Word on the Beat:: Beat Radio & Van Morrison

Word on the Beat is a new segment on the hill that we are super excited about. More or less, we are trying to get artists to do work for us. In reality, we think it is cool to get artists to talk about records that influence the music they write. Then we spunge a great cover track of them and offer it up for you guys to grab.

The first post comes courtesy of Beat Radio. We've posted a lot about Beat Radio in the past. Easily one of the best unsigned acts out there, the catchy hooks they bring to the table are sure to get you dancing. Brian took the time to talk about the classic Van Morrison release, Astral Weeks.

Van recorded this album in 1968 - and the combination of jazzy blues and painful emotion influenced artists and critics alike (Lester Bang's review of the record is the type of journalism we bloggers should be trying to match). But enough from me, read what Brian had to say:
I have such a sense of wonder about Van Morrison's Astral Weeks. I'll always remember when I was first getting into the record sitting in a pizza shop near Lake George, NY with the girl I'd eventually marry and finding "Sweet Thing" on an old diner-style jukebox and I just sat there and looked into her eyes as this perfect music filled the room and time stood still. I used to seek the record out in bars and when I found it I'd lean against the jukebox, with a pint of Guinness maybe, and try to get people to listen or maybe just close my eyes. Usually they just had The Best of Van Morrison so it was just that song "Sweet Thing," or maybe a good Irish pub would have The Waterboys’ record Fisherman's Blues with a great cover of that same song.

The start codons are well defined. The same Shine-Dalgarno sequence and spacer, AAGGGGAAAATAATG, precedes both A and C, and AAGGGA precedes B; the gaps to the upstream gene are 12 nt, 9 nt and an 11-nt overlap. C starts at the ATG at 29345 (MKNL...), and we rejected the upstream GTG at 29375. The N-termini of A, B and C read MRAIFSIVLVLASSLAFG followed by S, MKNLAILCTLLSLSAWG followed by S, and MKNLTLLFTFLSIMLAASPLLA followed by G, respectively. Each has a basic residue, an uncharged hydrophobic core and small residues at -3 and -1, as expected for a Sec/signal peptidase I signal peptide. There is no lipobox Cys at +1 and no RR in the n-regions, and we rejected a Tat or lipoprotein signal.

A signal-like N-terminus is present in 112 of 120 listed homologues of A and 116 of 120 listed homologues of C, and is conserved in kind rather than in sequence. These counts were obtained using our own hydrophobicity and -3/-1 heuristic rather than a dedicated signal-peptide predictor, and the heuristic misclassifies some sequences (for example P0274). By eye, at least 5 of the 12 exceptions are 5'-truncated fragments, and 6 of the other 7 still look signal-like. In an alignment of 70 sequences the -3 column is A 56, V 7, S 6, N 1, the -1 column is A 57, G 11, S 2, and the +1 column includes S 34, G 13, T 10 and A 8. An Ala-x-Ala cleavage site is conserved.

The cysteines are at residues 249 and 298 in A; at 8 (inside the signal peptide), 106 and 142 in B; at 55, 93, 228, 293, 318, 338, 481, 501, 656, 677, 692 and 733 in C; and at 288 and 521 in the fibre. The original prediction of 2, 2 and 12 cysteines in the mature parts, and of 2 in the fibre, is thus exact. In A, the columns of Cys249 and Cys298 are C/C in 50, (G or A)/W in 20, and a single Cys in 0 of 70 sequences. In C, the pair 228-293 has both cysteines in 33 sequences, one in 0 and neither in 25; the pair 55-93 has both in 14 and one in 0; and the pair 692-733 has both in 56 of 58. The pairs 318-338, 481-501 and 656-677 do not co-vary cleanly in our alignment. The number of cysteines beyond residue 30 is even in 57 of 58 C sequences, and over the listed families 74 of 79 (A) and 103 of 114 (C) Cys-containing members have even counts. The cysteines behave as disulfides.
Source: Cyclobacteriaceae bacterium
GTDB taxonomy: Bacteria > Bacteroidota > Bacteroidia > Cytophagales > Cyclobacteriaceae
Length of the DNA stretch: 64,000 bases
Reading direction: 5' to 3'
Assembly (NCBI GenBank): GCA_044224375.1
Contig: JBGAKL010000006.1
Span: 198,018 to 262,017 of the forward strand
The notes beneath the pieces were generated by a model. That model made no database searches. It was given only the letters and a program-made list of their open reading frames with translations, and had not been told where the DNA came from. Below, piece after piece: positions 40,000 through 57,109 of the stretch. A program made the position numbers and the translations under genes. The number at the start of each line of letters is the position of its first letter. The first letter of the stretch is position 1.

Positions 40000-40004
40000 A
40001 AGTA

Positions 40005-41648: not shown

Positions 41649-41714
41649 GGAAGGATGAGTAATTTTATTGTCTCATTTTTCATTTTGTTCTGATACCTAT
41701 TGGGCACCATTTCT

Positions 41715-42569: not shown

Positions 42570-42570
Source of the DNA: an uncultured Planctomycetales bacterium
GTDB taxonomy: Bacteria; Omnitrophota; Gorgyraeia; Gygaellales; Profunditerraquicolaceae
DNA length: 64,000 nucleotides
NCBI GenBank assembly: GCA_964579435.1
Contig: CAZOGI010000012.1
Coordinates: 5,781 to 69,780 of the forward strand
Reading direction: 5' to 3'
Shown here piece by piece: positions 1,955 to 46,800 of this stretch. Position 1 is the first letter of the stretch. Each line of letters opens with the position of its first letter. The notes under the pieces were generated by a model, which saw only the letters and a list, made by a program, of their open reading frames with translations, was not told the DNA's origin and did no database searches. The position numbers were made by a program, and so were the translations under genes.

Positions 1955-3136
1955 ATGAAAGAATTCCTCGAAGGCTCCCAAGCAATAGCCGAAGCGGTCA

The performances on Astral Weeks seem superhuman to me. Van's singing on the record mystifies me. His phrasing seems like it is infinitely nuanced–the way he twists words in and out of themselves and gets into these bizarre repetitions, or his sense of dynamics in the way he can be so gentle and sweet and then so powerful and attack these incredible high notes so fiercely. When I first heard the record it seemed like all the other musicians were at times so terribly out of time and chaotic. I heard all these mistakes at first but now it all seems so perfect and virtuosic. The crazy upright bass playing and the heady, wild string parts.

The way I listen to music has changed in the last couple years and I love how you can get into all kinds of music through mp3 blogs and itunes and it all feels really liberating and exciting to me as an artist and as a fan of music, but I think there's something about the process that lends itself to an appreciation of music that needs to be more instantly accessible and immediate. Along with that comes a certain degree of disposability and I think I've hit a sort of saturation point in the last couple of months where I've been gravitating towards music that maybe is more challenging but also has greater degree of substance to it. Astral Weeks is a record that you can really immerse yourself in. There's something so emotionally powerful and cathartic about it. For me, the record is an insanely beautiful world in and of itself.

Check out the cover Beat Radio recorded for herohill:
MP3:: The Way Young Lovers Do - Beat Radio (Van Morrison cover)

@ 12:46 AM, Dustin kicked the following game:

I couldn't be more happy about more Beat Radio. I've been praising brian since last September. I can't wait to catch a live show this fall in NYC.


@ 2:28 PM, hassan aniba kicked the following game:

hello from morocco always from yours nice music of mr van morrison yes yes very good music Im mr. aniba hassan surfers morocco longe date beach dar bouazza my skyblog is. http://oceanpacific03.skyblog.com


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